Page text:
How to make Turkish Coffee at Home, with or without an Ibrik.

How to make Turkish coffee.

In this post, you’ll learn how to make Turkish coffee at home. With, or without an Ibrik.

Some people think Turkish coffee would be a great recipe to try at home as it doesn’t need the magic of the espresso patronum, but others simply want to taste a different recipe that will bring new flavors and textures to their coffee.

Are you trying to “mug” this recipe from us? Well, you certainly don’t have to keep waiting any longer! Here you have the recipe for those who have an Ibrik / Cezve and for those who don’t.

Quality Coffee Beans!

Even though this coffee is one of the most elevated drinks in the world, the difficult part of making it is not within the process itself but in the quality of the ingredients.

In other words, the result will depend on finding the right beans and grinding them perfectly.

The traditional Turkish coffee recipes require medium-roasted Arabica beans. However, these are not only somewhat expensive in other parts of the world, but also not as easy to find.

So, if you don’t have Arabica beans, don’t worry. You can also use basically any other type of bean.

Using the right Coffee Beans

The important thing when using other than Arabica is not using light-roasted coffee beans, like Colombian or Rwandan, because they could end up being too dark and too strong.

Obviously, this will end up being according to your taste, but we will make an effort to get a result as similar as possible to the traditional drink.

In that sense, look for a medium-roasted, or even a dark-roasted bean, to increase the overall acidity and put the spotlight on the coffee rather than the milk.

Some of the best ones for this drink are French or Ethiopian beans.

How to make Turkish coffee with or without an Ibrik

How to Grind Beans for Turkish Coffee

Now, what you should really focus on, maybe even more than the type of bean, is the grinding. In fact, this is one of the must-haves if you want the brewing process to actually work.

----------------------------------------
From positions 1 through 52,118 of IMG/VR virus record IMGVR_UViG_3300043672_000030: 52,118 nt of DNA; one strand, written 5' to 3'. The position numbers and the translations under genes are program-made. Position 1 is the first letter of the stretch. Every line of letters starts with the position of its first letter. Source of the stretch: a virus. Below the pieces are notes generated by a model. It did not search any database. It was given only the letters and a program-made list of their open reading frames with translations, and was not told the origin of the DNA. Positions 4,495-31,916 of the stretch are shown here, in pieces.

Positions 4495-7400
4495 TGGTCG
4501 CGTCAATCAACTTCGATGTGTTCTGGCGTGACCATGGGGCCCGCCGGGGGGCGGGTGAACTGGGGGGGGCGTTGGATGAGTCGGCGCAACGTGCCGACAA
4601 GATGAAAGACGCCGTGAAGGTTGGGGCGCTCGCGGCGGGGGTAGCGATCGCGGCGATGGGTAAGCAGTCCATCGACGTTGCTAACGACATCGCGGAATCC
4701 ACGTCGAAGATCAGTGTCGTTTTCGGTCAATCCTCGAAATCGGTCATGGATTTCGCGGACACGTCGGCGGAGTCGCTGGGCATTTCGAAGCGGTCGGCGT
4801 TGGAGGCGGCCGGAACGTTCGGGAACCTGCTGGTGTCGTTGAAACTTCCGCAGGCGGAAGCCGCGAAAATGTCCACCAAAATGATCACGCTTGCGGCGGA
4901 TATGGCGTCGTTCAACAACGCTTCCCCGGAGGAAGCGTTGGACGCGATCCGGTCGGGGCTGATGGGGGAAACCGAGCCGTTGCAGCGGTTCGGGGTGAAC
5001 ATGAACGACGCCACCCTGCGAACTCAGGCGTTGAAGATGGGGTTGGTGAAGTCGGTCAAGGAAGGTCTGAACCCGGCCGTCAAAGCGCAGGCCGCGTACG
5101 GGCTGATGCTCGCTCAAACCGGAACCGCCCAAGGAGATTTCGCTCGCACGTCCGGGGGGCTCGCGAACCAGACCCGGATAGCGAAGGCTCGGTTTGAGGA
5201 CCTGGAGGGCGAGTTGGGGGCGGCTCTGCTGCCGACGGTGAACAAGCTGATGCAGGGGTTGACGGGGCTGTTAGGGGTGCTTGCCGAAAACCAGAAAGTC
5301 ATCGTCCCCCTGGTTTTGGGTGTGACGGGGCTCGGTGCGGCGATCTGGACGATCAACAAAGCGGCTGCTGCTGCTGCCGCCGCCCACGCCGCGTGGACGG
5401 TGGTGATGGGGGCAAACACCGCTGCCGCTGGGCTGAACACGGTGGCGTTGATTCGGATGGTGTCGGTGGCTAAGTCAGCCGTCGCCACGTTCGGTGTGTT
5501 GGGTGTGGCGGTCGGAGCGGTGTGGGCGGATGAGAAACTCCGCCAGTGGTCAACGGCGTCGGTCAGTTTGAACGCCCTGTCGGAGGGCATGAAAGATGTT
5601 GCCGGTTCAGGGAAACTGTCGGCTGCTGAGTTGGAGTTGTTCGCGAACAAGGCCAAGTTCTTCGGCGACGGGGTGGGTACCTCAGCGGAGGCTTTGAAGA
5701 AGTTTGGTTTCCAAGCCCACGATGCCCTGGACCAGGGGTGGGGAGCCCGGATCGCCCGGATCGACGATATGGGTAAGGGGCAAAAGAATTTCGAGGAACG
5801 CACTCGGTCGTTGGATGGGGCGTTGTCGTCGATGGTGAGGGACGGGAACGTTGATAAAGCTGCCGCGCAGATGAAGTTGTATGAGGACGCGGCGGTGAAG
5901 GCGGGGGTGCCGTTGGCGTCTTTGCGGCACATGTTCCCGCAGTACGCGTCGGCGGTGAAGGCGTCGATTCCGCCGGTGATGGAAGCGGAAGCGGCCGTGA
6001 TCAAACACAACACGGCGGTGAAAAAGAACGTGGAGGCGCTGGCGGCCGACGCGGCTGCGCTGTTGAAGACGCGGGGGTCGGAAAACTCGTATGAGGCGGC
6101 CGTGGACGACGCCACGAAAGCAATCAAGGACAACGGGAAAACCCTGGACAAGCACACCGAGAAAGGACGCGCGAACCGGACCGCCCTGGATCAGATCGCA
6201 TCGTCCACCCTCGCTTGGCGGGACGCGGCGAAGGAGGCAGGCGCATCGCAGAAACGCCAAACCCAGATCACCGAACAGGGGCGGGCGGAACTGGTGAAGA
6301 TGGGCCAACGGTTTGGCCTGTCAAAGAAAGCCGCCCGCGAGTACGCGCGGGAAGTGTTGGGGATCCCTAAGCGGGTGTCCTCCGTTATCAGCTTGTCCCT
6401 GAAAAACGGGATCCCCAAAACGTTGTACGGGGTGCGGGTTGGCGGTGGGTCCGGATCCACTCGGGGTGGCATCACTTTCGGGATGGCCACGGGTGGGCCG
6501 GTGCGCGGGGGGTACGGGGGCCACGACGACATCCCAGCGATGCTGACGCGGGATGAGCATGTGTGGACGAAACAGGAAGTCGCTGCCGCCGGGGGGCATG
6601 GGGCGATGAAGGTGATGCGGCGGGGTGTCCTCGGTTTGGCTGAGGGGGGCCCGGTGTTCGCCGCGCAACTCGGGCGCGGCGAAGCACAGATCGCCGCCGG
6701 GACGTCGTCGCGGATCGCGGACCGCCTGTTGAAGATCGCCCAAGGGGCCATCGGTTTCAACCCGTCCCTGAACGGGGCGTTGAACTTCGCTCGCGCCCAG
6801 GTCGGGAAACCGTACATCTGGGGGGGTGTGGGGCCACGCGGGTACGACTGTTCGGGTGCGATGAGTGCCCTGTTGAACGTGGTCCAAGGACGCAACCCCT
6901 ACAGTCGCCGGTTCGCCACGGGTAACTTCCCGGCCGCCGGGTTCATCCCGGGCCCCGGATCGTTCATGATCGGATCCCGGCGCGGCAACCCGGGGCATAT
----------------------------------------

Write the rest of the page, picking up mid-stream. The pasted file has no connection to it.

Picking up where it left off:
Turkish coffee grounds have to be incredibly fine, even finer than for espresso. When you touch it, it must feel like flour or even sand.

That’s why Turkish coffee makers mostly use manual coffee grinders, specially designed to achieve the task.

For example, this Javapresse Manual Coffee Grinder is very useful and you can easily use it at home. It has extremely sharp burrs that can be calibrated to provide a super finely ground coffee.

You should be warned that it will probably not work at its best the first time. Not because it is not working but because you have to experiment with it a little bit.

The less light is leaking through the burrs, the finer it will come out.

Those who need to grind large amounts of coffee or don’t have the actual strength to do it by hand should go for an electric grinder. They are pretty easy to use, but they are a little pricey.

Another option would be to buy the already ground Turkish coffee. It’s not easy to find in the grocery store, but this way you wouldn’t need these devices.

However, this is not recommended for conservative and traditional palates because the industrialization process changes the original flavor of the bean.